Category

Design System

Client

UNSW

Websites

Coming soon

Overview

Gelato is a design system framework that was created to support a new global experience language that was being developed for the University of New South Whales. The aim is to deliver new designs, code and authoring instructions faster while using less resources.

A public repository that could serve as a one-stop-shop resource and knowledge base for every designer, developer, author or anyone else who needs to create a new digital project within the university, to get started and create something great with ease, would be the final output.

Process Map

Step by step

The Gelato framework looks at the research that comes in and crunches the information to gain useful insights, so that the succeeding design solutions address users wants and needs accordingly. It also has checks in place to gain feedback from users and to stay compliant with various stakeholders and authorities.

There are multiple parts to this framework, in which each can have their own tools (and specialists). The tools mentioned below were the ones that we used at UNSW, but can often be replaced by other tools that do essentially the same thing.

From the low fidelity design system onwards, the combination of all deliverables within the framework is called a gusti, flavour in Italian. So there can be multiple flavours, which basically function as versions of the GEL. The University of New South Whales has 3 so far: UNSW1.0, UNSW2.1 and UNSW3.0, each having their own distinct set of components and style.

1. Research Synthesis

Tool: Coda and Miro Contributors: Researchers, UX designers

Gelato starts at the synthesis of various data sources. The aim is to create a long list of problems and solutions, or pain and gains, that are formulated as user stories and that will eventually inform the requirements of the designs.

Data sources can be:

  • Surveys
  • Interviews
  • Workshops
  • Analytics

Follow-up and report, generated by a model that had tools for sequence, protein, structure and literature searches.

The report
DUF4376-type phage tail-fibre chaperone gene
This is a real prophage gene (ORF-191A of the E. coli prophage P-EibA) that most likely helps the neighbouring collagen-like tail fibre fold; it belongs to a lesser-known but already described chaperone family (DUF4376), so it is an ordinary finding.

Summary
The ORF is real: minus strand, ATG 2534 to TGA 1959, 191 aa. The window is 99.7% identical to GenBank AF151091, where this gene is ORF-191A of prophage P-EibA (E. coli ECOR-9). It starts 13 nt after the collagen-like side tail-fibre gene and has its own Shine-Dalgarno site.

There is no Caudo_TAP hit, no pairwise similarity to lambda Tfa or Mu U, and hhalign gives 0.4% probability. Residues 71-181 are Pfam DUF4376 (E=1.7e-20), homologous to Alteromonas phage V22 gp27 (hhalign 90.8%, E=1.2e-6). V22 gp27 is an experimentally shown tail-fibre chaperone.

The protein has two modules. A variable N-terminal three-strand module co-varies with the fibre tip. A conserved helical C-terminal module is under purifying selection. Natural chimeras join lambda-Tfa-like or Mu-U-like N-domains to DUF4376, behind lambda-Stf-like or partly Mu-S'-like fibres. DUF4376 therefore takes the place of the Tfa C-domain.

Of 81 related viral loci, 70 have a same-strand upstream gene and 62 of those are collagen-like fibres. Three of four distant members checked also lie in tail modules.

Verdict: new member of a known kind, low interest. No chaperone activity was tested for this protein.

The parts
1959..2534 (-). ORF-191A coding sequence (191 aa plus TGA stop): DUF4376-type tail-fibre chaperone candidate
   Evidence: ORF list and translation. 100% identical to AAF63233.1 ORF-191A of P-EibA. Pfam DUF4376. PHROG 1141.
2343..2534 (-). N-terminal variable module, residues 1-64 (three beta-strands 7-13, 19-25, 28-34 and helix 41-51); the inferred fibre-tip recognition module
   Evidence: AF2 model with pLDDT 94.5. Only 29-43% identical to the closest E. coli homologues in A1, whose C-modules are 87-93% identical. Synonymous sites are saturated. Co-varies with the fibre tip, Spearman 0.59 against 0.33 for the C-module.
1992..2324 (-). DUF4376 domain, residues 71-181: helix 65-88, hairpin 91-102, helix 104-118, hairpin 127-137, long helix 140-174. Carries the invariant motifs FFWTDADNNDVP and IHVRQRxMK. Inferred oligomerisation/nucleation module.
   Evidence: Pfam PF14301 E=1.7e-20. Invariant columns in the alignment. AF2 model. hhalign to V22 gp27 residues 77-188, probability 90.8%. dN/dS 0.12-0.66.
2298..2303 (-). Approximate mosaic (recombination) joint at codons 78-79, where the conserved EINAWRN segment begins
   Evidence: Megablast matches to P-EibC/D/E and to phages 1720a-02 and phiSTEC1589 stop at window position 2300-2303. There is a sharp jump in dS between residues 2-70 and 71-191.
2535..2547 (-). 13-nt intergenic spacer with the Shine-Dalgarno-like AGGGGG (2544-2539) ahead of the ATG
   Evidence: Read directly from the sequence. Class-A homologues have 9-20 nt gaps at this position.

• Third party research reports

Outputs can be:

  • Personas
  • User journey maps
  • Empathy Maps
  • User stories
  • Affinity maps
  • User flows

Note: Dovetail is a great tool for collecting raw research data.

2. IA / Sitemap

Tool: Flowmapp Contributors: Clients, Digital Engagement Officers, UX designers

To map out how a product should be structured, services like Flowmapp (or even Miro) have come a long way to help gain clarity on which pages or screens will most-likely be required and how they fit in the hierarchy.

3. Fast Prototyping

Tool: Figma Contributors: Clients, Digital Engagement Officers, UX designers

In order to gain quick feedback on designs by various stakeholders, all proposals are quickly drafted in Figma through as much collaboration as possible. Page models can be created first which can then be replaced by actual wireframes.

The space is meant to function as a playground or sandbox to encourage experimentation and creation without worry. It should be accessible by everyone and existing components can be referenced from a built in low fidelity design system.

4. High Fidelity Design System

Tool: Sketch and Abstract Contributors: Design System Architects, UI Designers

Once a new component has been given the green light, it is recreated inside Sketch as part of the high fidelity design system. This design system has several layered libraries, following a customised Atomic naming convention:

  • Foundation
  • Build: Quarks
  • Build: Atoms
  • Build: Cells
  • Build: Molecules
  • Build: Organisms
  • Selection of components (technology ie. Web or Email)

Not all components are created inside the design system as it can drag the system down. If they’re not, they are built directly on design boards.

5. Supportive Design System

Tool: Sketch and Abstract Contributors: Design System Architects, UI Designers

There are plenty of elements that are used in the high fidelity design system that in theory could be useful in any design or design system. Examples of these are mouse pointers, annotations, device frames, commonly used video services, design boards etc. These are all created in a general supportive design system that can be used by all.

6. Detailed Designs

Tool: Sketch and Abstract Contributors: UI Designers, Visual Designers

Design boards showcase the component in pixel perfect detail (hence detailed designs) and contain a design for every possible state so that a developer has as few questions as possible when they commence their build.